A few weeks ago, I was chatting with a coworker at a party. About work, because I dunno, that’s the kind of small talk coworkers engage in. As it was the start of the New Year, we talked about goals, resolutions. He asked if I had any. I said,
“I really want to try and focus on one thing at a time. Just one — not switching back and forth between tasks.”
And saying it out loud, I knew it was true — this was an important thing to keep myself from feeling depleted by the end of each work day. So I made the resolution to focus on only one thing at a time — to finish one task before moving on to the next. Which sounds simple, but in the modern-day work environment, when your whole job revolves around a computer, and that computer is assaulting you with ten things at once — just finishing one task can suddenly require the most Herculean effort you’ve ever put forth.
And then, as fate or luck or whatever would have it, I was went this article:
Although we think we’re doing several things at once, multitasking, this is a powerful and diabolical illusion …. we’re not actually keeping a lot of balls in the air like an expert juggler; we’re more like a bad amateur plate spinner, frantically switching from one task to another, ignoring the one that is not right in front of us but worried it will come crashing down any minute. — “Why the Modern World is Bad for Your Brain“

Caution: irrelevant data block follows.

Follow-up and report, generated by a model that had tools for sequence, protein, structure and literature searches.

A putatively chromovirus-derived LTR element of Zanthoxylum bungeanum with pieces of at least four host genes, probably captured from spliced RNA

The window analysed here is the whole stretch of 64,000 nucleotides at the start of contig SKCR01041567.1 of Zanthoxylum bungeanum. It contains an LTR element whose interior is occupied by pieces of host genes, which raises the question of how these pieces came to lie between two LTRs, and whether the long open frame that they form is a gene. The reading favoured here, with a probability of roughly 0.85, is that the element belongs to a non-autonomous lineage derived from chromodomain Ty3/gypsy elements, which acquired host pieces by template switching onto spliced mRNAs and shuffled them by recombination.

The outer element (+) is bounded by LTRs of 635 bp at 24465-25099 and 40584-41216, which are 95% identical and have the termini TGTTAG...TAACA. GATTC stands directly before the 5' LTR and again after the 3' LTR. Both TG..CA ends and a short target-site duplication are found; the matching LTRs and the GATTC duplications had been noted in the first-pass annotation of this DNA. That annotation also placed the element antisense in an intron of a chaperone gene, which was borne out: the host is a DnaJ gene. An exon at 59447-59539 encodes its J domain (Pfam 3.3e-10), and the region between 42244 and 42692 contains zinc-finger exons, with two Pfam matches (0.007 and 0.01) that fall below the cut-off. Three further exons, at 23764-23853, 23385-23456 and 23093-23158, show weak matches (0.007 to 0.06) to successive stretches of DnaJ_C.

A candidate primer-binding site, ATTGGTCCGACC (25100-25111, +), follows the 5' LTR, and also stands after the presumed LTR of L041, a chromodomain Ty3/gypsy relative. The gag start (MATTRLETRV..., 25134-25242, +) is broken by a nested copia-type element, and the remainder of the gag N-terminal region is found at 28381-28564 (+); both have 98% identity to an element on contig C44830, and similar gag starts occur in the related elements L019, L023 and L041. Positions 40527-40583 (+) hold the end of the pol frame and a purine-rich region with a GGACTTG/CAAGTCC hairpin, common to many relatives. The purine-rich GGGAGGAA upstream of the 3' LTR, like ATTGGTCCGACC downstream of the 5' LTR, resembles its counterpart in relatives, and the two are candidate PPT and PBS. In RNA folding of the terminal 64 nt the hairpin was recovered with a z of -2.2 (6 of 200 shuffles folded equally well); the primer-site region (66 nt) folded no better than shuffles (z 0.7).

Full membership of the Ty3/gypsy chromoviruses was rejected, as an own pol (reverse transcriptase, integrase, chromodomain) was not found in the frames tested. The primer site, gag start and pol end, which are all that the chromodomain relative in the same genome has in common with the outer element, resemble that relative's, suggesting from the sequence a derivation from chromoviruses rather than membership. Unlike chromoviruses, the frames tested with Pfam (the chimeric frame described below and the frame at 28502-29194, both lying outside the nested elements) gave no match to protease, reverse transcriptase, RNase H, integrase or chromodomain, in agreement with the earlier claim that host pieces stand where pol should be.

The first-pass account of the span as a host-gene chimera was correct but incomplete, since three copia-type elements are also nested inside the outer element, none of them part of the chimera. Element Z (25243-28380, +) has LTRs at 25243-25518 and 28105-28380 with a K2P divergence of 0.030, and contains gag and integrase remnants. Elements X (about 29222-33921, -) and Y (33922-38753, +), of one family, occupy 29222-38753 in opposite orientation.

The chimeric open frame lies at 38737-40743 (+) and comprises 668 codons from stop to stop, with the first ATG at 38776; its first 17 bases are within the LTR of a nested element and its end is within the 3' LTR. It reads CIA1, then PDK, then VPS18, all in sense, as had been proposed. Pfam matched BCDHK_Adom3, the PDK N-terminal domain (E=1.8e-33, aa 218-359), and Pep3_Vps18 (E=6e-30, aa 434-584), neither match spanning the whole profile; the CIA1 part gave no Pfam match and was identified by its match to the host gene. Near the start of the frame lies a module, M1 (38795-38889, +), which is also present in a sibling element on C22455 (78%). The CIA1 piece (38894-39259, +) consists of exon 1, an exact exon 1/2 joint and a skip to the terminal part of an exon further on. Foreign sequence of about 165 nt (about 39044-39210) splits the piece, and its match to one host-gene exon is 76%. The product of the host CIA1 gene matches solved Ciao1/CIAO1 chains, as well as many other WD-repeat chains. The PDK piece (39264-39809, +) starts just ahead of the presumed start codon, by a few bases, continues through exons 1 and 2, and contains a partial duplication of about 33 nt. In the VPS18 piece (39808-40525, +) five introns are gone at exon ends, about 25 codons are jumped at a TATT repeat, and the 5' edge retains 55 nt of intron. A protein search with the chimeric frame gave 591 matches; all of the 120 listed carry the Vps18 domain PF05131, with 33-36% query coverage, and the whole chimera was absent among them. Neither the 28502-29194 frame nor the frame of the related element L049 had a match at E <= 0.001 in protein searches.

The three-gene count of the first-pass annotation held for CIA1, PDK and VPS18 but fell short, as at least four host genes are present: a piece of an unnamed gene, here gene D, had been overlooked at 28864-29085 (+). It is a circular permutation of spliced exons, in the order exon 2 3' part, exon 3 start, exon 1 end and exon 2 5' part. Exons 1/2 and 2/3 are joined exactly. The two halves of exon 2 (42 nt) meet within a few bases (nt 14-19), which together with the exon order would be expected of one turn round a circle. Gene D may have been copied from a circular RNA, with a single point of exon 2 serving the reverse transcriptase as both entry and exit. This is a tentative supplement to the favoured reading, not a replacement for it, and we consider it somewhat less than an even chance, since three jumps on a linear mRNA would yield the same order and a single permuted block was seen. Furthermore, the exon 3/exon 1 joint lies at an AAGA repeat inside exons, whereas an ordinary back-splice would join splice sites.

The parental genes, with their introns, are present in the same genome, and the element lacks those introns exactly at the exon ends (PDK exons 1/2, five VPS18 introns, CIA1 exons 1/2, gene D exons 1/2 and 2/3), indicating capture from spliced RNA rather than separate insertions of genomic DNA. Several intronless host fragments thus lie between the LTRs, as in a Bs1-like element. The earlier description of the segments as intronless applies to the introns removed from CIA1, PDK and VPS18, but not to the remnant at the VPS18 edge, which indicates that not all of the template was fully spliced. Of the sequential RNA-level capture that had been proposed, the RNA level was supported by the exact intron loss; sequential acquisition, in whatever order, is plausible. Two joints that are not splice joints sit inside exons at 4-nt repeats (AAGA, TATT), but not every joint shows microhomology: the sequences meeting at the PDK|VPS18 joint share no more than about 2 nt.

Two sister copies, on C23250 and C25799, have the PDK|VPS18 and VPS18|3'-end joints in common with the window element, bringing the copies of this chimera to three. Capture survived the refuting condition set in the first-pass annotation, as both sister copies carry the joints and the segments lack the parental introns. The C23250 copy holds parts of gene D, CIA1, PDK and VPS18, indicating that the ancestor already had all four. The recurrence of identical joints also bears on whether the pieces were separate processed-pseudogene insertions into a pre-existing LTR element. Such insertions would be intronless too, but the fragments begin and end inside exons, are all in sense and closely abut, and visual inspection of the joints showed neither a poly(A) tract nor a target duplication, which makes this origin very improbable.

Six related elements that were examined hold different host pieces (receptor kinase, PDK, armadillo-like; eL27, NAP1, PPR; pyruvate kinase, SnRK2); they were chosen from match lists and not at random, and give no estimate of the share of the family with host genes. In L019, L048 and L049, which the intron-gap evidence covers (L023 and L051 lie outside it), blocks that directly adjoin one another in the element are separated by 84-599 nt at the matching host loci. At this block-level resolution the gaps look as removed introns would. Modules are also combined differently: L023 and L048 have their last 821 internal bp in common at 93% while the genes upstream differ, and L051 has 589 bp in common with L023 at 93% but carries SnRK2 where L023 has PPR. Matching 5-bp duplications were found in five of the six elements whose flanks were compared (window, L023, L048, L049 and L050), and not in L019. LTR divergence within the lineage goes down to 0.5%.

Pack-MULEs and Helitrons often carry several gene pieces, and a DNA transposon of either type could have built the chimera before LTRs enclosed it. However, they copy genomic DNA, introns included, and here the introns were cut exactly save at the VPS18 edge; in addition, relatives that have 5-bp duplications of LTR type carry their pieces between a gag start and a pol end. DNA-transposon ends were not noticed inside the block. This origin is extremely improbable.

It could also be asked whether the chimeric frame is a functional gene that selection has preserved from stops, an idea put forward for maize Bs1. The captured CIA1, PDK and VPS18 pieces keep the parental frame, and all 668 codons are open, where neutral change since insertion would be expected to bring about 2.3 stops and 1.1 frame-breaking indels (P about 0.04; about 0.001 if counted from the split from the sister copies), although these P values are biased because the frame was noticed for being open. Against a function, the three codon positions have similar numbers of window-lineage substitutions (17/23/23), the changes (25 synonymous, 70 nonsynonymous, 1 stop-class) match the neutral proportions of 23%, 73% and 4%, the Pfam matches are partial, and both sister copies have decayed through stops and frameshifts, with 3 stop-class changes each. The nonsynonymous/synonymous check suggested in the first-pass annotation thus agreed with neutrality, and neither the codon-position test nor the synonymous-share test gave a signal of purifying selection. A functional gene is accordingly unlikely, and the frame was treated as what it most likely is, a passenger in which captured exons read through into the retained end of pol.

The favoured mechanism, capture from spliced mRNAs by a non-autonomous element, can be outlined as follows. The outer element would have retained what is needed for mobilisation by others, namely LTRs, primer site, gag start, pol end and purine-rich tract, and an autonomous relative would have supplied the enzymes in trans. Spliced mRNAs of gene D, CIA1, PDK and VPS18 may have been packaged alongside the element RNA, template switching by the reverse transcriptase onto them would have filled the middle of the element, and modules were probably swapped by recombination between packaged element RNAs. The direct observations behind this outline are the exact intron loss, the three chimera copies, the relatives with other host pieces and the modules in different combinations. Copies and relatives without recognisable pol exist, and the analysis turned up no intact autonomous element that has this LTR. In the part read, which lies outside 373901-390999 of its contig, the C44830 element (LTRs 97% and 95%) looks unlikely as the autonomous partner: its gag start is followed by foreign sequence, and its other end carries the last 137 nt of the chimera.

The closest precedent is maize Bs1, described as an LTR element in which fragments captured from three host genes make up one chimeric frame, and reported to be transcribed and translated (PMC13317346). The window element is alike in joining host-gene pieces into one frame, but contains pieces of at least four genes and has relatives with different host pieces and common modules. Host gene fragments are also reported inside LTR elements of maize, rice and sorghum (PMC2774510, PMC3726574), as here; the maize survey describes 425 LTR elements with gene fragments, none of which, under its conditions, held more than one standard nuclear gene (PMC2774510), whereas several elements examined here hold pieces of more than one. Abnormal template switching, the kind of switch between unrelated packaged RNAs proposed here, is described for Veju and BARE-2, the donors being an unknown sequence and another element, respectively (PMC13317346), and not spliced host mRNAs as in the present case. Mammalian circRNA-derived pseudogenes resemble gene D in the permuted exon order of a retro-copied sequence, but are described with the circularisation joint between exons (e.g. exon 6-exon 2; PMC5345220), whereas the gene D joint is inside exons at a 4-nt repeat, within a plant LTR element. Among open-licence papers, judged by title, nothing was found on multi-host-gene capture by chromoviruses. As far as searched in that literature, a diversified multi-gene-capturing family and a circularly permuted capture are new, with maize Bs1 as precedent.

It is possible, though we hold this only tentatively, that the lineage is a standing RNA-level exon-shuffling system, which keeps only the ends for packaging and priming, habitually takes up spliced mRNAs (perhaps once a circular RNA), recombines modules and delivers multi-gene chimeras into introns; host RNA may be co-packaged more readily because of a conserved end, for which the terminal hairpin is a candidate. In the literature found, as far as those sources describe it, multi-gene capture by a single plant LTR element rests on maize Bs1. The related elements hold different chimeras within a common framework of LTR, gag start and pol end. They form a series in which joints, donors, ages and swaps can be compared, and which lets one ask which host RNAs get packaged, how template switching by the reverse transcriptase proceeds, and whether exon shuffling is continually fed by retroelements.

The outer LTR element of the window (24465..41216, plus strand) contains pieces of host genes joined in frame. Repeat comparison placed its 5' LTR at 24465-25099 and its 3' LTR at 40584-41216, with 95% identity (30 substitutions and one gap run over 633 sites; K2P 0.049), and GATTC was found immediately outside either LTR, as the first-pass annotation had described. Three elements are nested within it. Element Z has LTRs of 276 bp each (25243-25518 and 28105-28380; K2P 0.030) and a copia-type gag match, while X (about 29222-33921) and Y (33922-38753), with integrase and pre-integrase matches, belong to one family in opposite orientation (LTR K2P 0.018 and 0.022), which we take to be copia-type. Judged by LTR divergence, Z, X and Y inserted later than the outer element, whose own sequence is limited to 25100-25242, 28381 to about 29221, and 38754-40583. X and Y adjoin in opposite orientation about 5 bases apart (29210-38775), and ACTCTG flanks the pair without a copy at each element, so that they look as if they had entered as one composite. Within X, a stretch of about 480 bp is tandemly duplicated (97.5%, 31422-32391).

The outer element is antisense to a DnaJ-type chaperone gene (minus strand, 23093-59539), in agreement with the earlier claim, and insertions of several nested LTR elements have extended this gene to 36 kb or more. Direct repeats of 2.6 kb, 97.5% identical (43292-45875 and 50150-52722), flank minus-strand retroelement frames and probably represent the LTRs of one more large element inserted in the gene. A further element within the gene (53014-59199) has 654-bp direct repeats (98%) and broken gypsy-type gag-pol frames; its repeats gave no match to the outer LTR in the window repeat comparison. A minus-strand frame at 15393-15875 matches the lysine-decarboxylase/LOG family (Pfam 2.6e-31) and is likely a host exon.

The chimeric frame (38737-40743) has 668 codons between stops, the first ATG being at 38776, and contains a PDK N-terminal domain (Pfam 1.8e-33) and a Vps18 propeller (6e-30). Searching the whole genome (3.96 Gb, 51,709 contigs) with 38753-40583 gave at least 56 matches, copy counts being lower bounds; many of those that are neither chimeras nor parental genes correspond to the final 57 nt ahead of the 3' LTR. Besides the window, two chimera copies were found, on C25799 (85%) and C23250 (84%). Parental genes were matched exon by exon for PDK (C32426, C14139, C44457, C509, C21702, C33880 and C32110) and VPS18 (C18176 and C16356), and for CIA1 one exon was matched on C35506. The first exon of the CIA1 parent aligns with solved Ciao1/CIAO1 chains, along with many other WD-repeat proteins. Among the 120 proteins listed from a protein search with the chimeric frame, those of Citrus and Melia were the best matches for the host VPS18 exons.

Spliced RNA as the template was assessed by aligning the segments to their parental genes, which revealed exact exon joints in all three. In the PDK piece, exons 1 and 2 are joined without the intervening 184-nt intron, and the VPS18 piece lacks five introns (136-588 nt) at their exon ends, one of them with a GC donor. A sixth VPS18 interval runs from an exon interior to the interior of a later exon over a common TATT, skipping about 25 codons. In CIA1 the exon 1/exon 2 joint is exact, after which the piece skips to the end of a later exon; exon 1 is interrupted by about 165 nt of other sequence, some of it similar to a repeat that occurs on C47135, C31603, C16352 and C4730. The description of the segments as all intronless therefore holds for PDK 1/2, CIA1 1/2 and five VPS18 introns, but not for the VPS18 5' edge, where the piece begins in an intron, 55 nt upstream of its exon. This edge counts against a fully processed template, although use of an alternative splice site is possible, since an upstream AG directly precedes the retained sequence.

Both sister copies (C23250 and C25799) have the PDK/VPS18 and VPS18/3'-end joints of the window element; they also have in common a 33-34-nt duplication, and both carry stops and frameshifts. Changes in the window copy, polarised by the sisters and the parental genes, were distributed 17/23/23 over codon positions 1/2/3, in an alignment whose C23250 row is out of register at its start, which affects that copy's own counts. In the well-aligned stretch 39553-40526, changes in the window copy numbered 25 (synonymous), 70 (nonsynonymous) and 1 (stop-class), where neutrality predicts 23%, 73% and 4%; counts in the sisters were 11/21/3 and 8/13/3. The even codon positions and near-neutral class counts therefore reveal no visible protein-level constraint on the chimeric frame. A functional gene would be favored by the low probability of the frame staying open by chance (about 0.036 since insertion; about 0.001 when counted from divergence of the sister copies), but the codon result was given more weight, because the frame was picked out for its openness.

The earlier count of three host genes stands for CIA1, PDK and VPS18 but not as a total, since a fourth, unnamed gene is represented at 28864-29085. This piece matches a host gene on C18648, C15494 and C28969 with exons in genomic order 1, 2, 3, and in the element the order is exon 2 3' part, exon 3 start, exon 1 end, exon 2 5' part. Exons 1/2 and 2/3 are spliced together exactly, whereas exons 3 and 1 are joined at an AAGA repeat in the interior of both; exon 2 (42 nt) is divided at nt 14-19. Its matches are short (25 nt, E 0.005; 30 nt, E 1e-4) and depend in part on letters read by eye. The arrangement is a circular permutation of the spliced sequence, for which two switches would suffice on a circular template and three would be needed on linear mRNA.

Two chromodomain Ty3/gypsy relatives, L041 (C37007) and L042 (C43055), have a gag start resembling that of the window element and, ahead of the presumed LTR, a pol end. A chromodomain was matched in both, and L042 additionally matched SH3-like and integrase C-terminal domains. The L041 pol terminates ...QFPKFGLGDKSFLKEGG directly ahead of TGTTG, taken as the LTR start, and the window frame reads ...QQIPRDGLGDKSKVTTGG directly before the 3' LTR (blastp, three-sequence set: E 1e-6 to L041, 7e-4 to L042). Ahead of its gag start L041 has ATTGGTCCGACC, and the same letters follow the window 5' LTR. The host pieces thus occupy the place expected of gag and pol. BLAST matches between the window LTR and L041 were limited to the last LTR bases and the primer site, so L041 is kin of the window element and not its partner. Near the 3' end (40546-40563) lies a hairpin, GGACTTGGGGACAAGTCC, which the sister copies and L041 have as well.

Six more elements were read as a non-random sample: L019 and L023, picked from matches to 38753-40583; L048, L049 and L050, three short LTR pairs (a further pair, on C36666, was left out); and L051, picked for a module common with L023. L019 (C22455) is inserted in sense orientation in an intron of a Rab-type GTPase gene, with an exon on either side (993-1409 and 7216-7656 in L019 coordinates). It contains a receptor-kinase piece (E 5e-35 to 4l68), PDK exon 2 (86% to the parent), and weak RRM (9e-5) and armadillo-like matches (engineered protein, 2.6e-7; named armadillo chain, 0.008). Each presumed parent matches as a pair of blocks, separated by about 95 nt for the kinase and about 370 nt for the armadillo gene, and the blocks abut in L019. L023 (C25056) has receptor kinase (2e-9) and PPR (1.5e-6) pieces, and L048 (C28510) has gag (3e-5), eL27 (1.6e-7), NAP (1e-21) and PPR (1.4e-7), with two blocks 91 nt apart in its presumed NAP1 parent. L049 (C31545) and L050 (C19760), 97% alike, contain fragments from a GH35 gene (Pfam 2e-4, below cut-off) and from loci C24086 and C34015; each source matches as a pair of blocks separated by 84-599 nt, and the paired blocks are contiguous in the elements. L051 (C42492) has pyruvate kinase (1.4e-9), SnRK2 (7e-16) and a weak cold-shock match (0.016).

Asking the brain to shift attention from one activity to another causes the prefrontal cortex and striatum to burn up oxygenated glucose, the same fuel they need to stay on task. And the kind of rapid, continual shifting we do with multitasking causes the brain to burn through fuel so quickly that we feel exhausted and disoriented after even a short time. We’ve literally depleted the nutrients in our brain. — “Why the Modern World is Bad for Your Brain“
If you have five minutes, go read the article. It highlights so many issues — but sadly, not many solutions. And after reading it, I WANTED solutions. I am so very aware that I engage in most of these behaviors — keeping Communicator open so people can reach me, reading emails the second they arrive in my inbox, propping my phone up on my desk so I can respond to a text the second it appears — and I can feel the toll it takes on my brain. I feel the mounting anxiety at not being able to get any actual work done. I feel the exhaustion that comes at the end of the day. I feel the hamster in my brain spinning and spinning but not actual going anywhere.
So I’m doing what I can. I’ve turned off the notifications on email. I’m predetermining a set amount of time to focus on certain tasks. I’m setting my Communicator status to “Do Not Disturb”. I am purposely reducing the distractions that come flying at my brain.
I’m trying to do the same at home, too. Set aside 30 minutes — 30 specific minutes — for writing. Read that book instead of fart around on the internet. Purposely decide that I’m going to watch TV for 60 minutes. (Because sometimes that’s what your brain needs after a long day.) Oh, and I’m trying to leave my cell phone in the living room when I go to bed. Checking Facebook right before sleep can NOT be good for cognitive function.
One thing at a time. How did such a simple idea become so complex?